|Publication number||US4636881 A|
|Application number||US 06/648,731|
|Publication date||Jan 13, 1987|
|Filing date||Sep 10, 1984|
|Priority date||Sep 10, 1984|
|Publication number||06648731, 648731, US 4636881 A, US 4636881A, US-A-4636881, US4636881 A, US4636881A|
|Inventors||Paul E. Brefka, Klaus R. Pichler|
|Original Assignee||James T. Shaw|
|Export Citation||BiBTeX, EndNote, RefMan|
|Patent Citations (8), Referenced by (82), Classifications (21), Legal Events (5)|
|External Links: USPTO, USPTO Assignment, Espacenet|
The present invention relates in general to book talking and more particularly concerns novel apparatus and techniques for allowing a book reader to hear recorded information related to a page being viewed that automatically starts when a page is turned, turns off when the information concerning that page has been broadcast or when the page is turned back.
A search of subclasses 317 and 318 uncovered U.S. Pat. Nos. 2,484,896, 3,086,297, 3,220,126, 3,273,894, 3,529,832, 3,553,851, 3,641,684, 3,744,150, 4,021,982, 4,273,538 and United Kingdom Pat. Nos. 341,146 and 768,936.
It is an important object of the invention to provide an improved talking book.
According to the invention, there is binder means for detachably securing pages of a book for movement along a predetermined page turning path associated with switching means for providing a signal representative of a page being turned and the direction of page turning, such as a ring binder with rings between a source of infrared energy and first and second side-by-side infrared detecting means. There is thus means for supporting the pages or other sensible sheets in noncontacting relationship with the switching means so that moving a page or other sensible sheet between a left pile of sheets and a right pile of sheets over a predetermined turning path established by means for guiding, such as the ring binder, actuates the switching means without effecting mechanical movement of the switching means. Any binder which controls the turning and allows the pages to lie flat is acceptable. Logical circuitry associated with the first and second infrared detecting means sense the order in which the infrared beam is interrupted by page turning to provide a start signal when the page is being turned in a forward direction and a stop signal when the page is being turned in the reverse direction. Recording means for storing and playing back recorded sounds associated with the page being viewed, such as a cassette recorder, responds to the start and stop signals to start and stop, respectively, the recorded information. Preferably, the recorded information includes recorded stop signals, and there is recorded stop signal detecting means for providing a stop signal to said recording means to stop playback at conclusion of playing back information on the page then being viewed until the page is turned and a start signal sensed.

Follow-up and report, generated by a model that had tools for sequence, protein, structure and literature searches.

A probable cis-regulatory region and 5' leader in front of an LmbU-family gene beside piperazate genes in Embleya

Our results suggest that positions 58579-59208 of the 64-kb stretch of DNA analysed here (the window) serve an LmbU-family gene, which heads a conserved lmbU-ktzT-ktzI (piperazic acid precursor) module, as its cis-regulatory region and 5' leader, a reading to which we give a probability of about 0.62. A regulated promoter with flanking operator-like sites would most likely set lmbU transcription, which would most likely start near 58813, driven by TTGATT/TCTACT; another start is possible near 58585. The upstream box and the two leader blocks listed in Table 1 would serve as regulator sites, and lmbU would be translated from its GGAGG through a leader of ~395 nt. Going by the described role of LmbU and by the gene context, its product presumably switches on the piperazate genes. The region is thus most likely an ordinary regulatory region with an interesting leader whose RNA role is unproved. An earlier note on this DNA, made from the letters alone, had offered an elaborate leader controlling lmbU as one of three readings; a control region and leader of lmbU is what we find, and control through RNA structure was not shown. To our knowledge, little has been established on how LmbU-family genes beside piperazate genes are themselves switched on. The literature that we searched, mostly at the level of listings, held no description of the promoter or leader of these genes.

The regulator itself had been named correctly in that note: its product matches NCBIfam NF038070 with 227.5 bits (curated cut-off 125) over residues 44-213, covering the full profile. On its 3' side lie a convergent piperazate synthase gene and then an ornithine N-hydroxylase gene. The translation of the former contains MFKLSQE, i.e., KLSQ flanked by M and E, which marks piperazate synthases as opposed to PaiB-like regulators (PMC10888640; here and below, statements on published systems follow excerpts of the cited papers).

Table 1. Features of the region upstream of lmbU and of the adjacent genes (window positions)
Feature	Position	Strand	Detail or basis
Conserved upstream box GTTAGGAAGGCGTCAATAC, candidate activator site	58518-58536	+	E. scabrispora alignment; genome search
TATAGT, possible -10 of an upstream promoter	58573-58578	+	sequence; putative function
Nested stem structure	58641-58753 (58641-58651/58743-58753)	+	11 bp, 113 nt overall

Numerous other features, objects and advantages of the invention will become apparent from the following specification when read in connection with the accompanying drawing in which:
FIG. 1 is a perspective view of an embodiment of the invention having a three-ring binder and recorder;
FIG. 2 is a block diagram illustrating the logical arrangement of a system according to the invention;
FIGS. 3A-3J show a timing diagram of the light beam circuit with a graphical representation of signal waveforms plotted to a common time scale; and
FIG. 4 is a schematic circuit diagram of an exemplary embodiment of the invention with specific component values that should enable anyone having ordinary skill in the art to practice the invention by constructing the embodiment there shown.
With reference now to the drawing and more particularly FIG. 1 thereof, there is shown a perspective view of an embodiment of the invention. A three-ring binder 11 carries pages of a book that may be detachably secured therein that a reader may associate with recorded sound information on a cassette in microcassette player 12. The three ring binder 11 is preferably seated on the back cover 13 adjacent the spline 14 so that when front cover 15 overlays back cover 13. Spine 14 is adjacent the left end of microcassette player 12.
Logical circuitry may be supported in left compartment 16 that includes left and right infrared detectors 17 and 18 illuminated by an infrared source in lower housing 21 that also includes a headset jack 22.
A conduit 23 beside ring binder 11 accommodates wires from chamber 16 for headset jack 22 and the infrared source in housing 21.